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Spotted Eagle Ray
Scientific classification

Rajiformes- common rays and skates
Myliobatiformes - eagle rays, manta rays
Pristiformes - sawfishes
Torpediniformes - electric rays

Rays are a 400 species group (superorder Rajomorphii or Batoidea) of cartilaginous fishes divided into seven families. The largest are the manta rays, also known as devil rays and devilfish, due to the horns on their head. Rays are extremely flat but closely related to the sharks. According to recent DNA analyses the catshark is more closely related to the rays than to other sharks. Young rays look very much like young sharks.



Rays are flat-bodied, and, like sharks, are a species of cartilaginous marine fish, meaning they have a boneless skeleton made of a tough, elastic substance. Rays also are like sharks in having slot-like body openings called gill slits that lead from the gills. Ray's gill slits lie under the pectoral fins on the underside, and a shark's are on the sides of the head. Most rays have a flat, disk-like body, with the exception of the guitarfishes and sawfishes, while most sharks have a streamlined body. Many species of ray have developed their pectoral fins into broad flat wing-like appendages.

The eyes and spiracles are located on top of the head.


Ray eggs, unlike those of most other fishes, are fertilized inside the female's body. The eggs of all rays but female skates hatch inside the female and are born alive. Female skates lay internally fertilized flat, rectangular, leathery-shelled, eggs, with tendrils at the corners for anchorage. Hatched eggs of this type can be found on beaches and are known as mermaids? purses.


Most species live on the sea floor, in a variety of geographical regions - many in costal waters, few live in deep waters, most rays have a somewhat cosmopolitan distribution, in tropical and subtropical marine environments, temperate or cold-water species. Only a few species, like manta rays in the upper waters of open sea, live in the open sea or in freshwater. Some rays can live in brackish bays and estuaries. Bottom-dwelling rays breathe by taking water in through the spiracles, rather than through the mouth as most fishes do, and passing it outward through the gills.


Most rays have developed heavy, rounded teeth for crushing the shells of bottom-dwelling species such as snails, clams, oysters, crustaceans, and some fish, depending on the species. Manta rays feed on plankton. No ray can kill humans, but the stingray can inflict a painful sting.

Main Types of Rays


Main article: Stingrays

Stingrays, or whiprays (family Dasyatidae), are named for the wounds they inflict by lashing its tail, which are generally much longer than their bodies, that has rows of spines along it; the spines contain a poison that causes pain and/or (depending on the species). Some species' toxins can be fatal to humans.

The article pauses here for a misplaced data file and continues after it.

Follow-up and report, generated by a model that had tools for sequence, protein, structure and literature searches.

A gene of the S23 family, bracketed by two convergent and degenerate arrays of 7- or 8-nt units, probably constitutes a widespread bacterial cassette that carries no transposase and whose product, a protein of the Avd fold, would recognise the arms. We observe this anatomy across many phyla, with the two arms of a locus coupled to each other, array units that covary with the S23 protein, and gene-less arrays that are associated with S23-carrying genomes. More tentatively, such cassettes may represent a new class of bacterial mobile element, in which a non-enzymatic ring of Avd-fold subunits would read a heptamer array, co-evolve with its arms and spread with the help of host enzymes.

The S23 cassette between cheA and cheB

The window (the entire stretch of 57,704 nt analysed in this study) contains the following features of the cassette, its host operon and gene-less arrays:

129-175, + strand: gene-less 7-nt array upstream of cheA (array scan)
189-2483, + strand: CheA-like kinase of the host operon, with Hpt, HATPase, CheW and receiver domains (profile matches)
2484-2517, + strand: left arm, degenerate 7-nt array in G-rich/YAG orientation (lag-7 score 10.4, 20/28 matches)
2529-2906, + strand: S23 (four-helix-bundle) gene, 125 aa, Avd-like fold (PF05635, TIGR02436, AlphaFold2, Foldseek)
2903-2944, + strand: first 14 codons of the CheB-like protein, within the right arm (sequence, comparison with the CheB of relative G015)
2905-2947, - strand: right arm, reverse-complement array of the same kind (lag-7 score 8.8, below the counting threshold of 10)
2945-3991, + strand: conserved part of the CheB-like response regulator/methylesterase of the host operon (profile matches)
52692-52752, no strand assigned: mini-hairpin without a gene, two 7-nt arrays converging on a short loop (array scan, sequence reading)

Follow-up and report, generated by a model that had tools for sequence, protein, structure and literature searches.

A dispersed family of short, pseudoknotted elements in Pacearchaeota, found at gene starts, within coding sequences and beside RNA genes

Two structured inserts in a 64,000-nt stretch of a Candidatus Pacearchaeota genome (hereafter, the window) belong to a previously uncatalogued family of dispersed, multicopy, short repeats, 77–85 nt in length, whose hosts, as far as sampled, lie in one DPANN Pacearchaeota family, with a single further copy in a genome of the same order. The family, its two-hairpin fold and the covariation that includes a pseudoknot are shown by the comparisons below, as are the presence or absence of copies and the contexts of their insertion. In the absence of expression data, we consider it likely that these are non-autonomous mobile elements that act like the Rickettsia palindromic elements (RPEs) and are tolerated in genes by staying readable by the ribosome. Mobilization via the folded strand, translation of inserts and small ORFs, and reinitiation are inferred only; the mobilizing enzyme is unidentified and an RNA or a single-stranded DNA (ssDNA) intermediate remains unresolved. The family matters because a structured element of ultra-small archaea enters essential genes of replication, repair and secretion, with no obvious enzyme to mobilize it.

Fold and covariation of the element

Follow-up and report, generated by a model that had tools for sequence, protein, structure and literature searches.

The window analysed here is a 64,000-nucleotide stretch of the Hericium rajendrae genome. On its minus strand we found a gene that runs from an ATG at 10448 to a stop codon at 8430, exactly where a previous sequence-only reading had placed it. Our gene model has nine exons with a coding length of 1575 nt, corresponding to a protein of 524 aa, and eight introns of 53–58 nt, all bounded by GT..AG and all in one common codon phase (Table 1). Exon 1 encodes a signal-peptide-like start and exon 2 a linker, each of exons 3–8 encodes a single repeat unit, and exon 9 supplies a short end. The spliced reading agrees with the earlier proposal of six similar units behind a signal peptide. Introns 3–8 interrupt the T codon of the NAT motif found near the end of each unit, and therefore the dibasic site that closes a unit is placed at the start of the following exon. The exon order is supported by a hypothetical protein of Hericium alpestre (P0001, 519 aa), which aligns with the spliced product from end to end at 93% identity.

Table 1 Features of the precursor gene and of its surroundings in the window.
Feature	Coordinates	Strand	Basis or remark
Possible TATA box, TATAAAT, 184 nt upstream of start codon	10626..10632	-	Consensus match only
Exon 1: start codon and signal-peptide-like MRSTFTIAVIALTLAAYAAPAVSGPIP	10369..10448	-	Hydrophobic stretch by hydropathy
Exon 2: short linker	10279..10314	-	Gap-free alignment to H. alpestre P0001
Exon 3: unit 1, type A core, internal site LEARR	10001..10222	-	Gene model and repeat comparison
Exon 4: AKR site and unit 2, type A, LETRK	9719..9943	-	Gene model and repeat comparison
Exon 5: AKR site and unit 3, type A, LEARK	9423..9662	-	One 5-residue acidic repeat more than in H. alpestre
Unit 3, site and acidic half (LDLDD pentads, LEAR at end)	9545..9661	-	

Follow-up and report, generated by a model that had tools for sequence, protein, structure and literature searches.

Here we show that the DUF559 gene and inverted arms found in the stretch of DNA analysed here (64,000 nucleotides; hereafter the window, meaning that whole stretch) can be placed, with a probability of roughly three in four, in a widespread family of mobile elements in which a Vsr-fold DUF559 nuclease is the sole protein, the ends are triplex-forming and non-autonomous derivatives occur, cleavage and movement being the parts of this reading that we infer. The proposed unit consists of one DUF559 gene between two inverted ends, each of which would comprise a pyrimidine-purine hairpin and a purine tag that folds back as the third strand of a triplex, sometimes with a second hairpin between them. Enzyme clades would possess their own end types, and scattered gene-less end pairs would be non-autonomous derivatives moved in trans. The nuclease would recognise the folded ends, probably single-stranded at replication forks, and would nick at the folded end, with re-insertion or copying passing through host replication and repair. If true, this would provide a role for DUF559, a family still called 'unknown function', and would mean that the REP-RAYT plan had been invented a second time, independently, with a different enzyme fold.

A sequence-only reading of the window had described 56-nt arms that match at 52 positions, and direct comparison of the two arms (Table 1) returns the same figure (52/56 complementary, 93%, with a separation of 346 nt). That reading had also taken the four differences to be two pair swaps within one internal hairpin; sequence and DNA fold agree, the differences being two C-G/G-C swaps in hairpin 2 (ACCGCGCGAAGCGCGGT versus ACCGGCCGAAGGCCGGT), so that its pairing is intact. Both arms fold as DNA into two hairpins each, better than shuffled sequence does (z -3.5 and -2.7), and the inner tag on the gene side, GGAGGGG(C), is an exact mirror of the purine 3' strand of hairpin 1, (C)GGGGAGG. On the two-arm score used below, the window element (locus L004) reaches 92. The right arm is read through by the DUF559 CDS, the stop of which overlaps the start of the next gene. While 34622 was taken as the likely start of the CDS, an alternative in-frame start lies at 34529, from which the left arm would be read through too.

Eagle Rays

Main article: Eagle rays

Most eagle rays (family Mylobatidae) have one poison-carrying spine on its tail.

Cow Nose Rays

Main article: Cow nose rays

Manta Rays

Main article: Manta rays

Manta rays (family Mobulidae) swim in the upper waters of the open sea, and may weigh up to 3,000 lb. (1360 kg), with a width of up to 22 ft (7 m). Mantas are filter-feeders, unlike most rays. They use their pair of horns at the front of the head to drive small prey into its mouth. The prey is caught in a strainer and swallowed, the ray lets the extra water pass outward through its gills.

Electric rays

Main article: Electric rays

Electric rays, or torpedoes (family Torpedinidae), have organs in their wings that generate electric current. They are used to immobilize prey and for defense. The current is strong enough to stun humans, and it is said that the ancient Greeks used these fish for shock therapy.


Main article: sawfishes

Sawfishes (family Pristidae) are sharklike in form, having tails used for swimming and smaller pectoral fins that most rays. The pectoral fins are attached above the gills as in all rays, giving the fishes a broad-headed appearance. They have long, flat snouts with a row of tooth-like projections on either side. The snouts are up to 6 ft (1.8 m) long, and 1 ft (30 cm) wide, and are used for slashing and impaling small fishes and to probe in the mud for imbedded animals. sawfishes can enter freshwater rivers and lakes. Some species reach a total length of 20 ft (6 m). Sawfishes are rays, and should not be confused with saw sharks, which are sharks.


Main article: Guitarfishes

The guitarfishes (family Rhinobatidae) are have a body structure similar that of the sawfish.

See Also

Main Types of Rays


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